It was with a quiet determination to counteract or crush his policy that William the Silent met his antagonist, and he lost no time in imparting to the Estates his own feeling of distrust as to the policy of the young Governor. Don John had been sent to gain by fraud what Philip had failed to secure by force, and when his position was assured, the smiles and pleasantries of the Governor would be exchanged for frowns and menaces. "Make no agreement with him," he urged, "unless the Spanish and other troops have been sent away beforehand; beware meantime of disbanding your own, for that were to put the knife into his hand to cut your own throats withal." The great scheme which was revolving in Don John's brain made him, however, specially desirous of retaining the Spanish soldiers in the Netherlands.

After his arrival at Luxemburg Don John sent an envoy to the States-General to announce his arrival, and his purpose of entering Namur, attended by fifty mounted troops. But to this the Estates would not consent, nor, they added, would they receive him as Governor of the Provinces until he had consented to expel the Spaniards from the country, to approve the treaty of Ghent, nor until he had sworn to maintain the ancient charters of the Provinces, and to employ none but Netherlanders in his service. For such a reception the brilliant cavalier was unprepared, and during the winter of 1576 he chafed and fretted, while he tried in vain to evade the demands made upon him by the States and the Prince of Orange.

It was not, indeed, till the spring of the following year that Don John at length yielded and signed the Perpetual Edict, the States thereupon agreeing to receive him as Governor-General of the country.

To the Prince the Edict was but a trap, in which the Southern Provinces had been snared. Neither Don John nor Philip would, he believed, hesitate to withdraw all that they had conceded on the first favourable opportunity. Therefore it was that the Prince stood sadly aloof with his loyal Northern Provinces, while the South rejoiced in the fancied security of its new alliance.

The Prince might ignore Don John, but Don John was determined if possible to win the Prince, for he saw that it was he who "bewitched the minds of all men." "The name of your Majesty," he wrote plainly to Philip, "is as much abhorred and despised in the Netherlands as that of the Prince of Orange is loved and feared. I am negotiating with him and giving him every security, for I see that peace and the maintenance of the Catholic religion and the obedience to your Majesty depend now upon him." But the envoy sent by Don John to the Prince returned only to report his failure to induce Orange to enter into any arrangement then or in the future with the new Governor-General.

Still, however, the young lord did not despair of bending the Prince to his will. He determined himself to write to William. For "in such times as these we have no choice," said Don John, nor do I see any way to save the State from destruction, save to gain over this man, who has so much influence with the nation." Philip also recognised the need there was to gain the man he had outlawed, and, cringing as tyrants can, he offered, through his brother, pardon, advancement, power to the man he had erstwhile denounced as a rebel. "You cannot imagine," wrote Don John to the Prince, "how much it will be within my ability to do for you."

That he should seek to gain the Prince by promises of personal advantage only showed Don John's ignorance of the nobility of William's character. The Prince gravely dismissed the Governor's suggestions, telling him that he had ever preferred the welfare of his country to his own private interests, which he had placed under his foot, and was still resolved to do so, as long as his life should endure. Thus did Philip the King, through his representative Don John, vainly sue the Prince, whom he had hoped to banish from the land.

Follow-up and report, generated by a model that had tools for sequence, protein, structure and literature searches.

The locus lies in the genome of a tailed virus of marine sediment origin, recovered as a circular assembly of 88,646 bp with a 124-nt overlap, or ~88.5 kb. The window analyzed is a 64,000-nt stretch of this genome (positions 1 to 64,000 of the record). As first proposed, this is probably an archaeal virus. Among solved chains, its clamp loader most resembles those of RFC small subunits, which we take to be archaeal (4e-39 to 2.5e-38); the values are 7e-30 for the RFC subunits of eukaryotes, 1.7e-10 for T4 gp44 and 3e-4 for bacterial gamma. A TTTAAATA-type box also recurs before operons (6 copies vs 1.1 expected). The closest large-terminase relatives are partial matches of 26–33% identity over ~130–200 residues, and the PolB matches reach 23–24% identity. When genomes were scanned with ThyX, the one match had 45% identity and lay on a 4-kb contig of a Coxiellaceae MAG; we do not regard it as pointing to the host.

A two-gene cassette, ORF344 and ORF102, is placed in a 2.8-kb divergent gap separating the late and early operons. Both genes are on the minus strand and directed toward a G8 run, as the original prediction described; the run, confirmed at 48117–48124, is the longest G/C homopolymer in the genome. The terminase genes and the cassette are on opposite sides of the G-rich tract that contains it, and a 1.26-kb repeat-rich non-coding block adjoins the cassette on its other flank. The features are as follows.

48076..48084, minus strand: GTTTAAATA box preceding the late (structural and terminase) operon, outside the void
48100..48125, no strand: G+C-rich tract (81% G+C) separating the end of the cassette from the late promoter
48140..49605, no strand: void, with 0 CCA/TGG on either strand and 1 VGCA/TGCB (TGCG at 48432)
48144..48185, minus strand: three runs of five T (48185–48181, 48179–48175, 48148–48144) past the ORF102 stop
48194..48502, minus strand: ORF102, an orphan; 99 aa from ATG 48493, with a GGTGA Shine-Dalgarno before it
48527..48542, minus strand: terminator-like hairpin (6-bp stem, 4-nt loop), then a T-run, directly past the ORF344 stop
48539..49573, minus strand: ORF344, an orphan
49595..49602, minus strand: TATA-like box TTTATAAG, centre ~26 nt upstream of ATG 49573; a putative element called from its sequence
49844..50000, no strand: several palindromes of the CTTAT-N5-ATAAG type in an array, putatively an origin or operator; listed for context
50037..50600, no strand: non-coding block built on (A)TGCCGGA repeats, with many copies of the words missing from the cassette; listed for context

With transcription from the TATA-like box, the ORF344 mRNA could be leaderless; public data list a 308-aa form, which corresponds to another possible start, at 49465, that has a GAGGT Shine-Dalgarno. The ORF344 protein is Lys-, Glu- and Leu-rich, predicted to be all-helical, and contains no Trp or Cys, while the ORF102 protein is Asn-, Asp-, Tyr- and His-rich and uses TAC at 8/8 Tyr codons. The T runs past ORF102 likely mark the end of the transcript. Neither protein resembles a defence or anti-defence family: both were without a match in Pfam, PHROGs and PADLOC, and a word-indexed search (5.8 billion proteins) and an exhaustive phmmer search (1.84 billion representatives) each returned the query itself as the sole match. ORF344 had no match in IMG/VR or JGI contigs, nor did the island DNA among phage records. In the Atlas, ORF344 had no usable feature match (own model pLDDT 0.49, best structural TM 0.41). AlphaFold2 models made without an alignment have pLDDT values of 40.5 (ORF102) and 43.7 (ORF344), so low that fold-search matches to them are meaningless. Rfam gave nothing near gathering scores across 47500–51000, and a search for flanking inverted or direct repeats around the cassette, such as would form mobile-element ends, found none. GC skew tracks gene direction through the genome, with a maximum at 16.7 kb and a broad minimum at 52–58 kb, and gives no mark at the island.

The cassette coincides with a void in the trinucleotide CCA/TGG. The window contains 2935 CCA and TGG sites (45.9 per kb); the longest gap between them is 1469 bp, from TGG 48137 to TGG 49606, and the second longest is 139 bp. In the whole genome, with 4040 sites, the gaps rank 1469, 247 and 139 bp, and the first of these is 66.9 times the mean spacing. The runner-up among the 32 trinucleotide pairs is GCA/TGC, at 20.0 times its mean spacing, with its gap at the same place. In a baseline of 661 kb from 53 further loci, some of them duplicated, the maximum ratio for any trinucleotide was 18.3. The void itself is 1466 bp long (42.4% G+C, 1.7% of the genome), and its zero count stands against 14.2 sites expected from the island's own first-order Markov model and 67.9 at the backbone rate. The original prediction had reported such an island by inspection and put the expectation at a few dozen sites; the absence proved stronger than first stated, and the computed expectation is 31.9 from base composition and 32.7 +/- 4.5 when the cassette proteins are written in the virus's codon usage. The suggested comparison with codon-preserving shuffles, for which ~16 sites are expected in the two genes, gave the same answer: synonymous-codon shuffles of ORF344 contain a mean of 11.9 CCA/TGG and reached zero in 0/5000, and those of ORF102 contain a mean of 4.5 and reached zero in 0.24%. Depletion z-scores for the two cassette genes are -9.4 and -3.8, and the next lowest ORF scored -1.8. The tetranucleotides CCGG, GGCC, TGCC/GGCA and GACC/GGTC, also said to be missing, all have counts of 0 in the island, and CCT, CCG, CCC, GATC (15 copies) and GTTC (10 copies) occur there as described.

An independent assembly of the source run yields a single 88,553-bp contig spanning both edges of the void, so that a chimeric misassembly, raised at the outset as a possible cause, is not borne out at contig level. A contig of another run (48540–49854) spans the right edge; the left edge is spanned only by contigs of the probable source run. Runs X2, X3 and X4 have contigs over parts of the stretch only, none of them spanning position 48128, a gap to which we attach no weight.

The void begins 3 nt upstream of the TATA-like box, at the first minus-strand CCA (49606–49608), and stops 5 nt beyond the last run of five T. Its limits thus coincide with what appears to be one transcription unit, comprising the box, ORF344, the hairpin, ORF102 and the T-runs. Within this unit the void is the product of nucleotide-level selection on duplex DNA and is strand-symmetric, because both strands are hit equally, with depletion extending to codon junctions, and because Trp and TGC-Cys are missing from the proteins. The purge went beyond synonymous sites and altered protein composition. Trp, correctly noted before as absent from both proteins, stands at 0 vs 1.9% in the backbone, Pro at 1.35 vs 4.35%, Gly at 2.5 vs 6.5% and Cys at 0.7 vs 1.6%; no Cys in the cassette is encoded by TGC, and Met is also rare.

Though the formal reception of Don John as Governor was not to take place till the troops had actually left the country, he now advanced into the heart of the Provinces, trusting himself to the loyalty of the people, with a confidence he was far from feeling. The charm of his manner at once began to conquer the hearts of the populace. He mingled gaily and freely with all classes of citizens, as had his father, Charles V. He joined in the national sports, and at the annual games brought down with his crossbow the popinjay, to the great delight of the spectators, who thereupon hung a golden bird around his neck and pledged the health of the new king of the crossbow men. In their good nature the Netherlanders were ready to believe that the advent of Don John had brought peace.

Meanwhile arrangements were being hurried on for the departure of the troops, for the Governor, on this point, intended loyally to keep his promise. Towards the end of April 1577 the Spanish troops finally left the country, the vast crowds of citizens who saw them go scarcely daring to believe that their dreaded foes would not return. Their joy, too, was damped by the knowledge that 10,000 Germans still remained in the Provinces, attached to the royal service.

On the withdrawal of the troops from Antwerp, it had been decided to appoint the Duke of Aerschot to the command of this important fortress. As Commander-in-Chief under the authority of the State Council, and as the chief of the Catholic nobility, the post was his by right. Yet he was a man trusted by neither party, for he had shown himself to be arrogant when in power, and cringing and fickle when the fortunes of his party fell. Standing on the drawbridge of the town the oath was administered to the new Governor of the Citadel. "I, Philip, Duke of Aerschot," he repeated, "solemnly swear to hold this castle for the King and no others." To which came the grave response, "God help you with all His angels if you keep your oath; if not, may the devil carry you away body and soul." A few passers-by cried "Amen," and with this brief ceremony the keys were delivered to Aerschot.